First, it shows us that Ezekiel’s eschatology—just like that of Isaiah, Jeremiah, and all the other OT prophets—conforms perfectly to the prototype found in the Law of Moses (Deut. 30). That is, to a man they frame the Bible’s message of cosmic redemption in terms of national Israel’s sin, exile, and final restoration. Again, this is the great underlying motif of virtually all OTKP, a motif that, according to the NCH, finds its fulfillment under the New Covenant instituted by Christ, and in the two-staged Kingdom that he came to create.

Secondly, the simple three-fold structure of the Oracles of Good News supplies an exciting clue as to their proper interpretation. Why? Because it corresponds perfectly with the simple three-fold structure of NT eschatology!

In other words, as the Christian reads Ezekiel 33-48, his familiarity with NT eschatology will immediately incline him to think that:

1) Ezekiel’s promises of eschatological restoration (chapters 34-37) must speak primarily—if not exclusively—of the NT Era of Proclamation of Probation;

2) His prediction of a final clash between Israel and the hordes of Gog (chapters 38-39) must refer to the Last Battle between the Church and the World, and also to the Day of the Lord Jesus Christ, by which that Battle will be brought to an end.

3) His vision of the ultimate renewal of Israel’s Temple, Land, and City (chapters 40-48) must look ahead to the World to Come; to the eschatological glory of the Church situated in the New Heavens and the New Earth.


We must, then, while examining our three prophecies, keep this amazing correspondence in mind, trying to see if the texts themselves vindicate our educated NT guess as to their likely meaning.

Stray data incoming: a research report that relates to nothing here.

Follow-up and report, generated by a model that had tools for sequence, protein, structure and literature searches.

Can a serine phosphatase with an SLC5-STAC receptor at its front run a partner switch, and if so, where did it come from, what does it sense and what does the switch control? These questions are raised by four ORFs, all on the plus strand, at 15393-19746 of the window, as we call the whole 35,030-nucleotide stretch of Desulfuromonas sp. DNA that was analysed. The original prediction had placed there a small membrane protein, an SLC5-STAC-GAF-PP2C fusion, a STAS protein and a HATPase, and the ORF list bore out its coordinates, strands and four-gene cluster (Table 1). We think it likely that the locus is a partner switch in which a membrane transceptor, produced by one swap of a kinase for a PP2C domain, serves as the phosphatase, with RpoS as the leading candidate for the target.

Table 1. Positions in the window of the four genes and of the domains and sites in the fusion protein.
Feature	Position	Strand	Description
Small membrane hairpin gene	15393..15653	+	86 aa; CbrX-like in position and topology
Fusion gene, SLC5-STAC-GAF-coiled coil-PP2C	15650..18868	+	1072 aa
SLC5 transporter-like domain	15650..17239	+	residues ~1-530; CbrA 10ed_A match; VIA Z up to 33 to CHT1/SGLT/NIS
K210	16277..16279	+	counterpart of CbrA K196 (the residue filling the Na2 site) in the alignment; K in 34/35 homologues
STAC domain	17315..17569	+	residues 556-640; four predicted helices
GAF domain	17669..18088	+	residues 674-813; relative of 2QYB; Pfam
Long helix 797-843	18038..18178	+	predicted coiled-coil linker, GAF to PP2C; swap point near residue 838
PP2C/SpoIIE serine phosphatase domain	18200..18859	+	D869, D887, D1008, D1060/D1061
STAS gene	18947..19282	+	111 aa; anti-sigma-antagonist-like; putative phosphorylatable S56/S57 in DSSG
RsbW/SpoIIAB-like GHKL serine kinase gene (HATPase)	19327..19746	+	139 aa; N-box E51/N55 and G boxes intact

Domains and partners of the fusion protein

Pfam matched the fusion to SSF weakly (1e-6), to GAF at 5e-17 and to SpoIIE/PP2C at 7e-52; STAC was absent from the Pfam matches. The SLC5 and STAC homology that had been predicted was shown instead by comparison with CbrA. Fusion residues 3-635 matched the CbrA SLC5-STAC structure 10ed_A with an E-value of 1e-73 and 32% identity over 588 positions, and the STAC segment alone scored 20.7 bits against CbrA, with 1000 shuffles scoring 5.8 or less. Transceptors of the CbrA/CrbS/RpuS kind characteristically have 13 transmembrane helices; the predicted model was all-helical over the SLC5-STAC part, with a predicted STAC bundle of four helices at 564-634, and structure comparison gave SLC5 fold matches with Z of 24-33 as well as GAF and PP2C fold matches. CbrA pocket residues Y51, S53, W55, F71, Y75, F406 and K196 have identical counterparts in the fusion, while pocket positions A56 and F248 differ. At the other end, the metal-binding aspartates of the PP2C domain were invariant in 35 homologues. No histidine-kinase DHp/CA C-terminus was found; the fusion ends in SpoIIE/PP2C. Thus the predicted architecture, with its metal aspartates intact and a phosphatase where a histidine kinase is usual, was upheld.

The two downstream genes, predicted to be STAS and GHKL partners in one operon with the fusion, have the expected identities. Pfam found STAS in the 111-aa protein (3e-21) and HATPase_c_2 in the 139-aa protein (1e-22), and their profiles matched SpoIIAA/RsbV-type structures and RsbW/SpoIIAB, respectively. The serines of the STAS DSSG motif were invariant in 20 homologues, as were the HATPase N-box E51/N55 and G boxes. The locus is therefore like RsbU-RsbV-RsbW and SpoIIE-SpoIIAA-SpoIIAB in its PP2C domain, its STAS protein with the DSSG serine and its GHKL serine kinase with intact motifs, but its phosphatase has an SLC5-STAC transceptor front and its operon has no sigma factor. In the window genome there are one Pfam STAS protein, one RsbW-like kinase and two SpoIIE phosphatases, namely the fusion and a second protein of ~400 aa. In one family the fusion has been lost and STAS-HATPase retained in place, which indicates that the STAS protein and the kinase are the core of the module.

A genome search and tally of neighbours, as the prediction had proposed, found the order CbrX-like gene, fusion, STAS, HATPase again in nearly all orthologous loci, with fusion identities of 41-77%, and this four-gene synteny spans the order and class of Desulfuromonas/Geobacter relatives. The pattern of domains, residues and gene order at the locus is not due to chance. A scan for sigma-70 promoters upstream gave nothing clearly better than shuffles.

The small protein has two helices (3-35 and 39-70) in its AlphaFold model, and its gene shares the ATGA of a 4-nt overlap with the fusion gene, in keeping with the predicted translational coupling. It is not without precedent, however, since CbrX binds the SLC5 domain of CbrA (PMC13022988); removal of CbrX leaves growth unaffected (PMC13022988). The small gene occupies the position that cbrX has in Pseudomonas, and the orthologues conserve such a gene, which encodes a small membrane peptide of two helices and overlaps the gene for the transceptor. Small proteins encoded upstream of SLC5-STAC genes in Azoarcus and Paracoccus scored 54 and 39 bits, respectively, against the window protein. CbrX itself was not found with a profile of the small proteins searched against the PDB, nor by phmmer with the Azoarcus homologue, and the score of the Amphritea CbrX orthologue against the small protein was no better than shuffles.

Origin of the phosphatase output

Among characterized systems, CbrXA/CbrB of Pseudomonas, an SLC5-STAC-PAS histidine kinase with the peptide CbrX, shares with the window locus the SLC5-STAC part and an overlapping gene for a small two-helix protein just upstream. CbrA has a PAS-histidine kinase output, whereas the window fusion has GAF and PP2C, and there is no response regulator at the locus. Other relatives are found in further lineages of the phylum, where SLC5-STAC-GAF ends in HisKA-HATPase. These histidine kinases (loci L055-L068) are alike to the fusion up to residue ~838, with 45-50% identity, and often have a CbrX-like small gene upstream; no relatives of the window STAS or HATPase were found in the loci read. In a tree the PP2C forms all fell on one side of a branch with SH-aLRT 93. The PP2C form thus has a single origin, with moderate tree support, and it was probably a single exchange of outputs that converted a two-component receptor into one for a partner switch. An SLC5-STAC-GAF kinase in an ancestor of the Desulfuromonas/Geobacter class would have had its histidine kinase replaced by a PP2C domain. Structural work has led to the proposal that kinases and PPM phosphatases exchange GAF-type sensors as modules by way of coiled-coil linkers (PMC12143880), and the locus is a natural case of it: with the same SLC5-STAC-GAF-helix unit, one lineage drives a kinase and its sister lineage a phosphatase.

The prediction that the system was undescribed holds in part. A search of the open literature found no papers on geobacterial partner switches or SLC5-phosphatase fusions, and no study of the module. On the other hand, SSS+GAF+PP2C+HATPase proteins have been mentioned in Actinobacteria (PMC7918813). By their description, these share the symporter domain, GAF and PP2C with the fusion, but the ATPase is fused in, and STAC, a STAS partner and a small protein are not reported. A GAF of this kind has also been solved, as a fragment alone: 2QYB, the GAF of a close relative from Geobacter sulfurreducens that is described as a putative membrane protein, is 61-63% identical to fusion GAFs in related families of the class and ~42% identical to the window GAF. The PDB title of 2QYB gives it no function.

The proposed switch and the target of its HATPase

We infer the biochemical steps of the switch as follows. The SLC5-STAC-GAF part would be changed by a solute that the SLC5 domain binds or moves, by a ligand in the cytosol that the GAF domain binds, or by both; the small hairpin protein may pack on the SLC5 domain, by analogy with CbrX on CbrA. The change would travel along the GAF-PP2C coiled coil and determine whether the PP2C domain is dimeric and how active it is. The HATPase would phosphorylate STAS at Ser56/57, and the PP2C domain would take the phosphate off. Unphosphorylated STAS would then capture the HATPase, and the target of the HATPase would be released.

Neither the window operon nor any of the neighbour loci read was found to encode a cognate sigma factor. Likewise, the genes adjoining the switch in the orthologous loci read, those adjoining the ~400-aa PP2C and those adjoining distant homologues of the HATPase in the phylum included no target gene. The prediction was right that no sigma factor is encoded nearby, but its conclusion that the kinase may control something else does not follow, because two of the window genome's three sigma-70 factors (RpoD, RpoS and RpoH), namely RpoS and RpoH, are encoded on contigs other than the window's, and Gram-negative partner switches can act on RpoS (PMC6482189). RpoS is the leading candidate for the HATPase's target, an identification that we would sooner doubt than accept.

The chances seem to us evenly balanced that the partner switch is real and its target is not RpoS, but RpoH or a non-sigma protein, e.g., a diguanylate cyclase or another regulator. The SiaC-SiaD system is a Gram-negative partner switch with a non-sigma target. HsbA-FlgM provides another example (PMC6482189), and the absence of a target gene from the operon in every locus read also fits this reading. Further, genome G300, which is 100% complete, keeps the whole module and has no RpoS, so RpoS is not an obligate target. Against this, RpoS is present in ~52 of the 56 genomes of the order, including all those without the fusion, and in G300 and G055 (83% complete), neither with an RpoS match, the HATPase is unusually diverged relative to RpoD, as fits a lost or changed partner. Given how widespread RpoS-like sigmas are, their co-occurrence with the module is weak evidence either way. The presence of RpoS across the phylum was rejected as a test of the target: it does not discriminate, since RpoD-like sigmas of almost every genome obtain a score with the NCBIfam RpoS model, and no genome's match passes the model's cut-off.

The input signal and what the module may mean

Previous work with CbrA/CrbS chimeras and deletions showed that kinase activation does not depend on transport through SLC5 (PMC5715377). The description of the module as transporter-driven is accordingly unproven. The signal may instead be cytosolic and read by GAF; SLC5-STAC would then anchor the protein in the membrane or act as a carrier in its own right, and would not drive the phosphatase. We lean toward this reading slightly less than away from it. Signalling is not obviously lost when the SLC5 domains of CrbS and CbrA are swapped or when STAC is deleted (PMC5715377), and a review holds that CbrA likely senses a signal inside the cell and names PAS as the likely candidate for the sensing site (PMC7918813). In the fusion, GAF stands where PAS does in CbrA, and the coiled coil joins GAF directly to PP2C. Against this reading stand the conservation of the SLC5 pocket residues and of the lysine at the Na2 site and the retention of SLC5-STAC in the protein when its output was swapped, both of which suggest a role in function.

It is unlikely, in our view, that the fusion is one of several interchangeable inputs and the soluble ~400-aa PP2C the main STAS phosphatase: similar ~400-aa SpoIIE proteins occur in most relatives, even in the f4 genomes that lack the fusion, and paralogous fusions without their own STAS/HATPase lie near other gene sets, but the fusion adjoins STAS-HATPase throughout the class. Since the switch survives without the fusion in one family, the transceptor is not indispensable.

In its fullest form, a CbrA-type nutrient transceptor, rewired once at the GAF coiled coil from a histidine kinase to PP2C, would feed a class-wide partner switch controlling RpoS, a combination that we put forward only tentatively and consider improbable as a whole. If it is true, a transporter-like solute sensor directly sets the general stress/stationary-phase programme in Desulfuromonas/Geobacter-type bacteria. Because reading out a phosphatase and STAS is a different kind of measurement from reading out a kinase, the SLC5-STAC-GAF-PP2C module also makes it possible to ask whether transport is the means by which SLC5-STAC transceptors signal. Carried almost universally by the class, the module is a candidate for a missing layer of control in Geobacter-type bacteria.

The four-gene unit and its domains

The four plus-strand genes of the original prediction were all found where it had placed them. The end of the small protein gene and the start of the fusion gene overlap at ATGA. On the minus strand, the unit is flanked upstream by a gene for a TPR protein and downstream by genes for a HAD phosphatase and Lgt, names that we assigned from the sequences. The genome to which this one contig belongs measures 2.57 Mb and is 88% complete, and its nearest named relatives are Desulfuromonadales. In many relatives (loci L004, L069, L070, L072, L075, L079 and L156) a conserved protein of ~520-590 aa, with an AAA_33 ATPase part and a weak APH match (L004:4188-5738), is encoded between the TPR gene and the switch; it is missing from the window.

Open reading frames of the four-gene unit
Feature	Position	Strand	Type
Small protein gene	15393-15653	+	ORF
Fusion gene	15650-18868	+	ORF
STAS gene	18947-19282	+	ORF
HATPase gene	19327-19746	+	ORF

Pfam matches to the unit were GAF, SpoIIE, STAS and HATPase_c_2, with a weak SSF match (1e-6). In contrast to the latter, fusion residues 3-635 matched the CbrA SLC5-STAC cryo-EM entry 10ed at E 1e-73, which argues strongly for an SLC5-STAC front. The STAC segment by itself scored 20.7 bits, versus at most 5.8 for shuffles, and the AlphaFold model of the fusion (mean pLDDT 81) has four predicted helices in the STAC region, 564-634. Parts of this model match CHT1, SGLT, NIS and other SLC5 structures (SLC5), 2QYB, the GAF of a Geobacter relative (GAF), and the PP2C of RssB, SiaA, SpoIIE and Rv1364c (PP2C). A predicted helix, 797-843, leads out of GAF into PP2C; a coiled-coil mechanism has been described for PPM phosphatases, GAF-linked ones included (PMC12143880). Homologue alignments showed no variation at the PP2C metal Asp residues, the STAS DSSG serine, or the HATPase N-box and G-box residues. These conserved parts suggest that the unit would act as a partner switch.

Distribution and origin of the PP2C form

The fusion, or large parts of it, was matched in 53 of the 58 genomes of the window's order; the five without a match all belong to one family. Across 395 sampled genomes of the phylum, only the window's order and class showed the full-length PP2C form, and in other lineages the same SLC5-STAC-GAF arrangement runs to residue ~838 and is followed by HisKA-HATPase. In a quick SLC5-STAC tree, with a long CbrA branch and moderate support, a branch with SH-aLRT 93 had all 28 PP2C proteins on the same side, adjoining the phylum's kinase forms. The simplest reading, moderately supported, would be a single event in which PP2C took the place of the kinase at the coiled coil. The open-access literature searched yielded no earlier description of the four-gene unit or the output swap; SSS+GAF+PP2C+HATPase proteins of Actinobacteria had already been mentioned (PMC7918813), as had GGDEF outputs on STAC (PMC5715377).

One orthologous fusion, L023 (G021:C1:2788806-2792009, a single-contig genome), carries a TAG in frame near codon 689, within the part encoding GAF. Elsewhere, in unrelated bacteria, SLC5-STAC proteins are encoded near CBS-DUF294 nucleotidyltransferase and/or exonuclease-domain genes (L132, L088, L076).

The Oracles of Restoration (Ezekiel 34-37)

Now concerning the Oracles of Restoration (chapters 34-37), a few further introductory words are in order.

Duguid outlines them as follows:


1) A New Shepherd (chapter 34)

2) A Renewed Land (chapters 35-36)

3) A Renewed Covenant (chapter 36)

4) A Renewed People (37:1-14)

5) A Renewed Unity (37:15-28)


The great value of this breakdown is that it highlights the theological unity of these chapters, and also strongly intimates their sphere of fulfillment: The New Covenant Era of Proclamation and Probation. In other words, Duguid’s outline quietly suggests what the NCH positively affirms: All the oracles in this section speak of the new things that God will do in and for his people in the Last Days.

In particular, 1) he will give them a new Shepherd, the Lord Jesus Christ; 2) he will plant them in a new homeland, the Zion above, where even now the exalted Christ dwells; 3) he will draw them into a New Covenant, the Eternal Covenant in Christ’s blood; 4) he will fill them with new spiritual life, the resurrection life of Christ; and, 5) he will bestow upon them—factious, warring sinners that they were—a new unity in the Spirit, in Christ, and in Christ’s Body.



Duguid’s outline enables us to see that all of these oracles—each in its own way and each from its own angle—depict the blessings of Christ’s Church in the first stage of the Kingdom of God. They depict them, however, “in a mystery;” in language and imagery drawn from life under the Old Covenant; in language and imagery calculated to stir the imagination and kindle the hopes of God’s struggling OT saints, some of whom had only recently endured the ruin of their capitol city, the destruction of their temple, and the humiliating agony of deportation and exile from their beloved homeland.

Thus, in the blogs ahead our thesis will be that in Ezekiel 33-48 the Spirit of God used OT ideas and institutions symbolically—typologically—in order to encourage faltering OT saints with a revelation of the glorious NT blessings soon to be unveiled, blessings that we who follow Christ know to be the true and eternal hope of all God’s people of all time.

With this as background, we are ready at last to examine three of Ezekiel’s Oracles of Good News. We’ll begin next time, by venturing into the Valley of Dry Bones (Ezekiel 37).